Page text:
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Indecision As Numbers Saving For Retirement Drop

18 June 2002

Sovereign Finds Increasing Indecision As Numbers Saving For Retirement Drop

Survey findings send strong message to future government

The number of New Zealanders saving for their retirement has dropped for the fourth consecutive quarter from a high of 62% a year ago, to just 54% in the latest Saver Pulse* Survey. This reinforces the downward trend that increasingly, fewer people are saving for their retirement.

Sovereign Financial Services says the latest Saver Pulse findings support the company’s view that the focus of the government’s proposed superannuation policy is not instilling confidence in the public.

Sovereign’s Head of Marketing, Vena Crawley believes that long term, people do not have confidence that the Government’s proposed plans for superannuation will adequately support them in retirement, and this is causing anxiety and indecision on how to save for themselves.

“The Saver Pulse findings support this, and show almost half the people surveyed are suffering from decision anxiety on how to save, so aren’t doing anything at all.

“These findings show that 48% of people not yet retired find it difficult to decide where and how to save for their retirement. Indecision is leading half these people to take no advice at all, which only increases their anxiety about saving.

“We advocate the need for private savings in New Zealand. While we agree the Government’s proposed three-tier superannuation policy is appropriate, it has too large a focus on public provision. This is clearly having a negative impact on private provisioning, and these latest findings reflect that.

In the first quarter 2002, one in four (24%) people in high-income households ($70K plus) are still not saving for their retirement. Of the people not saving at all, 38% are in the higher income households ($50K plus) and 41% are in the middle age groups (30-49).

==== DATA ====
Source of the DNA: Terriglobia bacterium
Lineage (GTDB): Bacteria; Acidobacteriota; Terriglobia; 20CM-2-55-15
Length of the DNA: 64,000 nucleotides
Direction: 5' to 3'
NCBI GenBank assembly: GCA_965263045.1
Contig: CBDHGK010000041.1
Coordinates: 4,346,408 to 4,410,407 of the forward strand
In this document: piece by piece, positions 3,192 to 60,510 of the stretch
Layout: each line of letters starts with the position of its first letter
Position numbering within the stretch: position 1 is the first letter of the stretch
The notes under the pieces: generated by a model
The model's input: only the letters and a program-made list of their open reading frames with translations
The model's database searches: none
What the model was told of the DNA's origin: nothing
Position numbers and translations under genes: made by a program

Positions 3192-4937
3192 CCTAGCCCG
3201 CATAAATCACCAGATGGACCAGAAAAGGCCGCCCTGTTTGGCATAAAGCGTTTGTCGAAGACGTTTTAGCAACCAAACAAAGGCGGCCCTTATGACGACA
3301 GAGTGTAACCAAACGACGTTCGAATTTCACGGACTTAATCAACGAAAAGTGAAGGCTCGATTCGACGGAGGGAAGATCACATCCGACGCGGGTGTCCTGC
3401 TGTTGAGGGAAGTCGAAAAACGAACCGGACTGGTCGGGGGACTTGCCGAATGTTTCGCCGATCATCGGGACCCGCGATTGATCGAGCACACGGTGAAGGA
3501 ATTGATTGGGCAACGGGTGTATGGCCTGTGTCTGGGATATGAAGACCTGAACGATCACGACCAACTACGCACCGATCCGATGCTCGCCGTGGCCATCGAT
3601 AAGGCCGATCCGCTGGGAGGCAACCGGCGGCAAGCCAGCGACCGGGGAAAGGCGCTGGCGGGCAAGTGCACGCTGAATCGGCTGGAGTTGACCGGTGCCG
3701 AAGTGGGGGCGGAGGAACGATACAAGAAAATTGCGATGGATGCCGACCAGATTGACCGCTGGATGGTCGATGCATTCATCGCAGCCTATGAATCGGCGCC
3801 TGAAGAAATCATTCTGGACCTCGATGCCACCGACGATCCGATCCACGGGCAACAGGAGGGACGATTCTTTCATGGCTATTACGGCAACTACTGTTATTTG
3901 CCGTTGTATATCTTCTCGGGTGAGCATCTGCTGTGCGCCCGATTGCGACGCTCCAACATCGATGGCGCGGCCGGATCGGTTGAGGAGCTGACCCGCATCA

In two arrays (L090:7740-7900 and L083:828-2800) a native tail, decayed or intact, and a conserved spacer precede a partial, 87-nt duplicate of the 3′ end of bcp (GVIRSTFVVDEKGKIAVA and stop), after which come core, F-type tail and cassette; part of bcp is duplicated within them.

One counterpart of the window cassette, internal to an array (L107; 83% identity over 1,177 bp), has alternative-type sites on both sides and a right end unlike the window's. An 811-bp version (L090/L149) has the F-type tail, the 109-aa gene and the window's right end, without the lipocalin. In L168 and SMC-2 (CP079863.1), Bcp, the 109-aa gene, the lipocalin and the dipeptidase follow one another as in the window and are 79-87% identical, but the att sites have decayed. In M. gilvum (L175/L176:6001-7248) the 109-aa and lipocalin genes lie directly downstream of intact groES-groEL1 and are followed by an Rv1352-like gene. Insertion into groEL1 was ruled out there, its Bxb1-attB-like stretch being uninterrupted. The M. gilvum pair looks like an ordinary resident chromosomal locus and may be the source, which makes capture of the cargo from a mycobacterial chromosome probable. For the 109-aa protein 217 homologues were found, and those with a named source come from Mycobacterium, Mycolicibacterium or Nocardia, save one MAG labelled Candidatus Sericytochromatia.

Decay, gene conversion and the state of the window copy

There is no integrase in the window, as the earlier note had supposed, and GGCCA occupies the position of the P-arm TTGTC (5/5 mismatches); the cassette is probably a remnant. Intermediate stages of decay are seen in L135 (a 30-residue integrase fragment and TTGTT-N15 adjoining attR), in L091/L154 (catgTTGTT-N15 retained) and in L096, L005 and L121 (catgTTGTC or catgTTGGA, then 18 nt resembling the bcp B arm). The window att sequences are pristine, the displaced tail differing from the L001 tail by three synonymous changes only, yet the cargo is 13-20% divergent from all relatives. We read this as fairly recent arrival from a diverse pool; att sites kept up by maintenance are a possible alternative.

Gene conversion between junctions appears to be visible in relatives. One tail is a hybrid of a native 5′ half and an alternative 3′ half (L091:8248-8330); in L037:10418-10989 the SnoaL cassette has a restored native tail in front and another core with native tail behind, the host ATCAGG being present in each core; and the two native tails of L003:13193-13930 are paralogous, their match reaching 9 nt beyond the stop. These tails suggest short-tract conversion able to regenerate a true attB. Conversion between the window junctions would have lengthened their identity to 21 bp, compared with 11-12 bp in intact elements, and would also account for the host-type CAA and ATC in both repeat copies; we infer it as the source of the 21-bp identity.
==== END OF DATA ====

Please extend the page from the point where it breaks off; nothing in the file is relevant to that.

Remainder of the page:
“The results show almost one third of these people are aged 40 or more, just over a quarter work fulltime, and 45% earn more than $30,000 per annum. This is a concern as all New Zealanders should be encouraged to save for their retirement, to help secure their future,” says Mr Crawley.

“Whether this is done through tax incentives, or with more emphasis placed on workplace retirement schemes, steps toward a solution need to be made soon. The future government needs to put the focus firmly back on private savings, so that people don’t see the Cullen Fund as the sole solution for their retirement.”

The results also show that increasingly, the kiwi ‘Do It Yourself’ mentality is spreading to managing money too. Of those who do have savings (for retirement or otherwise), 56% take no advice on their savings or investments.

“It is therefore understandable that 48 percent of these people find it difficult to decide where and how to save for their retirement. There are a wide range of options people can consider, and the first step they could take to remedy this is to consult a qualified financial adviser.”

Of those who do take advice, 19 % turn to their bank, 18 % to an investment advisor or financial planner, and 7% use a combination of the two. However a higher number of people (74%) are satisfied with the advice they receive from their financial planners and investment advisors, than from their bank (68%).

The Internet is an increasingly popular medium for New Zealanders to make their investments, up 5% to 35% of those surveyed. More than a third of respondents said they would be happy to use the Internet to make investments if it was with a well-known company.


* SaverPulse survey from Research Solutions, interviews over 700 people per quarter, with a maximum statistical margin of error of +/- 4%.

Released on behalf of Sovereign, by Network Communications.

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